A More Stylish QX That Comes With Very Little Compromise
Infiniti has been waging war with European luxury brands since the late 1980s. And, since coupe-style utility vehicles are the latest must haves for automotive Europhiles, it makes sense that Infiniti would join in, too. So, let’s find out more about this Infiniti QX55, and see if it’s a worthy contender.
While many people still have a hard time wrapping their heads around coupe-style SUVs, the bottom line is, if you’re trading in your luxury sedan for an SUV, you might as well get the best looking one you can, and there’ll still be much more cargo space inside than what you’re used to. So, for Infiniti buyers, that means taking a look at the 2022 QX55, a slant-backed version of their QX50 compact utility.
And the coupe-like shape is nothing new to Infiniti, as the QX55 bears much resemblance to Infiniti’s FX from the early 2000s; a coupe-styled SUV way before that was even a thing.
The wheelbase and most body panels forward of the B-pillar stay the same, but the 55’s thin roof line has much more of a downward trajectory as it heads aft; a new spoiler sits where the roof meets back glass, and the greenhouse comes to a sharp point in back, replacing the Infiniti zig-zag D-pillar look.
Rear seat headroom and cargo space both get sacrificed in the transformation, but not as much as some; losing only about 4 cubic-ft. of cargo space down to a still respectable 26.9; 54.1 with rear seatbacks folded. Rear seat legroom actually stays the same; though it’s still a little tight back there for taller folks. Front seats are quite comfortable and supportive, with plenty of width for a smaller SUV.
As great as all of that is, the thing that will ultimately decide the QX55’s fate is its luxury experience. And, rest assured, there’s no sacrificing for style here, as moon roof, heated seats, aluminum trim, 20-inch wheels, wireless Apple CarPlay, Active Noise Cancellation, and even all-wheel-drive are all standard. Plus the usual nicer leather, open-pore wood, ambient lighting, AroundView monitor, motion-activated lift-gate, and intelligent cruise control upgrades are all available.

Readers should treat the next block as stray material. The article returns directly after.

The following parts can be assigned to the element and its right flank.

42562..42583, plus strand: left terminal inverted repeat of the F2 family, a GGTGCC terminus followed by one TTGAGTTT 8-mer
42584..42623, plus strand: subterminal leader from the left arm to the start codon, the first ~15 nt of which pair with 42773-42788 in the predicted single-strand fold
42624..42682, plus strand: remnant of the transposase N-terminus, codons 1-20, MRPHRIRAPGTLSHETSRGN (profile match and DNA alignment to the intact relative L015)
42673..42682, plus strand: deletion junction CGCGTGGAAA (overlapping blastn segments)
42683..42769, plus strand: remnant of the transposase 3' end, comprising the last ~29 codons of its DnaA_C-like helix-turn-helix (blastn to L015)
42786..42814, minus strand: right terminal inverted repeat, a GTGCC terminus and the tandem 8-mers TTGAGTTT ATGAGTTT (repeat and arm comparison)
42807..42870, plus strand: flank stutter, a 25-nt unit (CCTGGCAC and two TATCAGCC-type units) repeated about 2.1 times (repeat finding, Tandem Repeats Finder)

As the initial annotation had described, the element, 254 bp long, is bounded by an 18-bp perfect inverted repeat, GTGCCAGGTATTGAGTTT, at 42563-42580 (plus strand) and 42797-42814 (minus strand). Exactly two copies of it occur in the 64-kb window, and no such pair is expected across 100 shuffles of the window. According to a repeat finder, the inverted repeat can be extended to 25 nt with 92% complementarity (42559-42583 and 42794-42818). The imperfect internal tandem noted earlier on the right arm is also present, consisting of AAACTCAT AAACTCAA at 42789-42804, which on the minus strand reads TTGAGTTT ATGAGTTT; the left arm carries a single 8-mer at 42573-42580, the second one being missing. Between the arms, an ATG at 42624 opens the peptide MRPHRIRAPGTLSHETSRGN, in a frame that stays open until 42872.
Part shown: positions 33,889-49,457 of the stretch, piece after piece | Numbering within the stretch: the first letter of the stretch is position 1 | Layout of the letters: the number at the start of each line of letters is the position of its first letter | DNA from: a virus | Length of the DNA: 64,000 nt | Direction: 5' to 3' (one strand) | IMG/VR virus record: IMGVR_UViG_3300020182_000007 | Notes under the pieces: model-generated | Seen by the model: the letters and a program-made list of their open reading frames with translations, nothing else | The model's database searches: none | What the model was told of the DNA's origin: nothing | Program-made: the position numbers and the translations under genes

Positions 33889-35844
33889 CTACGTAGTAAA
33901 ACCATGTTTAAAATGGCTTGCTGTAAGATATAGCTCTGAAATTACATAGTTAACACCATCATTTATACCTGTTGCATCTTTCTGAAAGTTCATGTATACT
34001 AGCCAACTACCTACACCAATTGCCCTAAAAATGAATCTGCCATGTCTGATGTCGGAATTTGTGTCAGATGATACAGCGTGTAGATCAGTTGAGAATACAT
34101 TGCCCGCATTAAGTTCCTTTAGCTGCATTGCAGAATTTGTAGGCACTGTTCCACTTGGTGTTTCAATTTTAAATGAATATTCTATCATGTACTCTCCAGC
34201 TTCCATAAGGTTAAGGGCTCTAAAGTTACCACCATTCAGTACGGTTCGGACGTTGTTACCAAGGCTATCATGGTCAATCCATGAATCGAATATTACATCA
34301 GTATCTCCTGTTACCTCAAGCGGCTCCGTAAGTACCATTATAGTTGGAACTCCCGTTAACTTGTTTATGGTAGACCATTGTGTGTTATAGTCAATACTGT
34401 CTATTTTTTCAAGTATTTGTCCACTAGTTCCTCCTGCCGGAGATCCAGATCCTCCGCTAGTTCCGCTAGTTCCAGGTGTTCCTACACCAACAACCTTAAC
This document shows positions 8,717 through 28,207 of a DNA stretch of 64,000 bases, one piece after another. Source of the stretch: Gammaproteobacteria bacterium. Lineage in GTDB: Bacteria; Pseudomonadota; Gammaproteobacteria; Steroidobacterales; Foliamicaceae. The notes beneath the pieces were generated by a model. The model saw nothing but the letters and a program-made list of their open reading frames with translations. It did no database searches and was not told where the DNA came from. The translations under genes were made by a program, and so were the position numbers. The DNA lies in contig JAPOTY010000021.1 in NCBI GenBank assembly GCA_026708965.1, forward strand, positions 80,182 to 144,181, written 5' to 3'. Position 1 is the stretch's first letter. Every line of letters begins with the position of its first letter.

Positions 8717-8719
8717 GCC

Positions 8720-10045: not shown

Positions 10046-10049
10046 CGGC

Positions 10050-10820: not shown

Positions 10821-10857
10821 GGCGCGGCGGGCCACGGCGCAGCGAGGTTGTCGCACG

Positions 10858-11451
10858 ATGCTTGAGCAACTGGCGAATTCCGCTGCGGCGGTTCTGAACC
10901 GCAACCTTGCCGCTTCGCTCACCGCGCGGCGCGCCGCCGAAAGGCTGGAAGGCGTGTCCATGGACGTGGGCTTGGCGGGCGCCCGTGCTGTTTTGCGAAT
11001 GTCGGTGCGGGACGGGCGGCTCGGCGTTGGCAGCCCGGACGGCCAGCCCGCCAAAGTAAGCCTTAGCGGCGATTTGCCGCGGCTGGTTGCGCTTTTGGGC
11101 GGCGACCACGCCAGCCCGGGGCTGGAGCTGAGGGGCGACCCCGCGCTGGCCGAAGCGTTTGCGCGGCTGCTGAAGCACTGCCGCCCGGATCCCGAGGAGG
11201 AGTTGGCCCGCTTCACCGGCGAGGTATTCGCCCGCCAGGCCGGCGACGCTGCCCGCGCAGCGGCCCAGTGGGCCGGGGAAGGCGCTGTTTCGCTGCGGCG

Most everything up front is straight carryover from the QX50, including their latest InTouch Dual HD center stack display with navigation. Likewise, under the hood is Infiniti’s 2.0-liter VC-Turbo 4-cylinder, cranking out the same 268-horsepower and 280 lb-ft. of torque; matching CVT as well.
But, our Sensory trimmed QX55 weighs about 60-lbs. less than a comparable QX50; so off to Mason Dixon Dragway where, in our slalom course, it did indeed feel very light on its feet. There was a fair amount of body roll, but great balance with no excessive understeer or oversteer; and we were really flying through the cones much faster than the typical small SUV would allow. All enabled by Infiniti’s Direct Adaptive Steering, which we found very light and responsive.
As for straight-line work, the QX55 hooks up well off the line, but power delivery is more steady than aggressive. We hit 60 in a respectable 6.7-seconds, which is actually a few tenths slower than what we achieved in the QX50. This variable compression turbo engine has a unique growl to it that is quite pleasant, even with the continual high revving nature of the CVT. The ¼-mile passed by in 15.4-seconds at 92 miles-per-hour.
On public roads, we found the QX55’s ride to be quite plush, with an exceptionally smooth demeanor, despite the relatively short wheelbase and 20-inch wheels. And also very quiet, providing the overall luxurious driving experience people have come to expect from Infiniti.
Which brings us to an even more significant update. When Nissan first debuted this variable compression engine, we loved the tech behind it, but found it delivered power in a way that didn’t feel as refined as what we’re used to from Infiniti. Well, a software upgrade seems to have smoothed those rough edges a great deal.
Government Fuel Economy Ratings are 22-City, 28-Highway, and 25-Combined; we averaged an okay 23.3 miles-per-gallon of Premium. With an average Energy Impact Score; 13.2-barrels of yearly oil use, with 6.0-tons of CO2 emissions.
Pricing starts with Luxe trim at $47,525; top Sensory goes for $58,075, about 5-grand over the QX50 equivalent.
While there is no shortage of compact utility vehicles to choose from, there always seems to be room for another great looking luxury-minded utility. Especially if it comes with very little compromise and is as stylish as the 2022 Infiniti QX55.
Engine: 2.0L I4 Turbo
Torque: 280 lb-ft
0-60 mph: 6.7 seconds
1/4 Mile: 15.4 seconds at 92 mph
EPA: 22 City / 28 Highway / 25 Combined
Starting Price: $47,525